fixedDist = rbind(wetland.31.km.d$dist2clusters, wetland.d.11.km$dist2clusters)

And then we call `vegclustdist()`

using the full distance matrix:

wetland.km.d = vegclustdist(dchord, mobileMemb = 1, fixedDistToCenters=fixedDist, method = "KM", nstart=10) defuzzify(wetland.km.d)$cluster

As before, some objects may be reclassified in different clusters when using this option.

In this section we show how to use auxiliary functions that allow cluster properties to be extracted from an input classification. In all examples we will use this *a priori* classification of our data set:

groups = c(rep(1, 17), rep(2, 14), rep(3,10))

`clustcentroid()`

and `clustmedoid()`

Functions `clustcentroid()`

and `clustmedoid()`

allow the cluster prototypes to be calculated according to an input classification structure, which can be specified using either a cluster vector or a membership matrix.

For example, with `clustcentroid()`

we can calculate the coordinates of the centroids of the initial groups using:

centroids = clustcentroid(wetlandchord, groups) round(centroids, dig=3)

As medoids are prototypes that are chosen among the objects to be classified, function `clustmedoid()`

does not return coordinates but the indices of objects. The following code uses the medoid hard cluster equation to determine the medoids of each cluster:

medoids = clustmedoid(wetlandchord, groups) medoids

The value returned by function `medoid()`

is a vector of indices with the corresponding object names (which are numbers in this particular case). If the classification structure is a fuzzy membership matrix, the cluster centroids or medoids are determined using the fuzzy centroid or fuzzy medoid equation, respectively.

`clustvar()`

Vegetation types may differ in their internal variability. The function `clustvar()`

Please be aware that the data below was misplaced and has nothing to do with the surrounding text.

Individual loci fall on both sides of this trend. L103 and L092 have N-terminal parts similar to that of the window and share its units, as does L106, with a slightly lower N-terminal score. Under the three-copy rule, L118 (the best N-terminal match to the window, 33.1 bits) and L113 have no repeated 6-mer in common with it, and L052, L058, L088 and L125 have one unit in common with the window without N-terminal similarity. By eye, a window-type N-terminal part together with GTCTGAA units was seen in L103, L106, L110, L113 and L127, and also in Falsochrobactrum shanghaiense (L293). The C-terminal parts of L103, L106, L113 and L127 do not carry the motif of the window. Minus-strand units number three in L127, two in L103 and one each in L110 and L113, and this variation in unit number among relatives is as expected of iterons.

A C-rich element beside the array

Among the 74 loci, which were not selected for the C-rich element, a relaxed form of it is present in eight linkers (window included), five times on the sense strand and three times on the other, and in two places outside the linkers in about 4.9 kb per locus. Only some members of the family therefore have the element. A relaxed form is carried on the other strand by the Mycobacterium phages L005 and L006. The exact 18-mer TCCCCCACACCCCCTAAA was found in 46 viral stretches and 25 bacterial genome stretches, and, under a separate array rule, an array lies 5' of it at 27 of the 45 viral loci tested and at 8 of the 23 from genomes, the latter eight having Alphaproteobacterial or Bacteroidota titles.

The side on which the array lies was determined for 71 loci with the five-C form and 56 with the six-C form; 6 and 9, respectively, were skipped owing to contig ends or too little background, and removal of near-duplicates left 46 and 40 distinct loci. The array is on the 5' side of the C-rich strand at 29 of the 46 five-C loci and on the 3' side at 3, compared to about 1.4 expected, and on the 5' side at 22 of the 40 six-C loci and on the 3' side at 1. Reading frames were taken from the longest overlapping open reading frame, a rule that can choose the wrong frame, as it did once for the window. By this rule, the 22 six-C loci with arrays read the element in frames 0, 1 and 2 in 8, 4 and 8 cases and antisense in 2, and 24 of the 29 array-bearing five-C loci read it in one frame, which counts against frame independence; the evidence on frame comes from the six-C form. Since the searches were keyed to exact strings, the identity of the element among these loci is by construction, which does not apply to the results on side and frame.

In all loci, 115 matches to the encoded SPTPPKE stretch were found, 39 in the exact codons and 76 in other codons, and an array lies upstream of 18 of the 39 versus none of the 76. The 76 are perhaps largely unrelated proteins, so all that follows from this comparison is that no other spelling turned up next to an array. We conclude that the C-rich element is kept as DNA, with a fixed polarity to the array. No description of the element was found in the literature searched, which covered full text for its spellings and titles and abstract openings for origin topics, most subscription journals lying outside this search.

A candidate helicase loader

allows the amount of compositional variation (i.e. beta diversity) observed among the sites of sites belonging to each cluster to be determined. For clusters whose prototype is a centroid, this is calculated as the mean of squared distances from each object of the group to the group centroid. For example, the variability for a given group $i$ would be:
\begin{equation}
Var(i) = \sum_{j=1}^{n_k}{e_{ij}^2}/n_i
\end{equation}
Note that division is by $n_i$ and not by $(n_i-1)$, which would give an unbiased sample estimate. Thus, the variances calculated in `clustvar()`

are population variances. For example, the variances of the three groups in our examples are:

```
clustvar(wetlandchord, groups)
```

The reason why population values are produced, instead of sample estimates, is because it allows the variance to be calculated using fuzzy membership values: \begin{equation} Var(i) = \frac{\sum_{j=1}^{n}u_{ij}^me_{ij}^2}{\sum_{j=1}^n{u_{ij}^m}} \end{equation}

Cluster variances can also be obtained using distance or dissimilarity matrices. In this case, the variance for a given group is calculated as: \begin{equation} Var(i) = \frac{1}{n_i^2} \sum_{k=1}^{n_i}\sum_{l=1}^{n_i}{d_{kl}^2} \end{equation} Again, division by $n_i(n_i-1)$ instead of $n_i^2$ would give an unbiased variance estimate. Because in our example the community data had been transformed using the chord transformation, the same variance values can be obtained using a distance matrix with chord distances: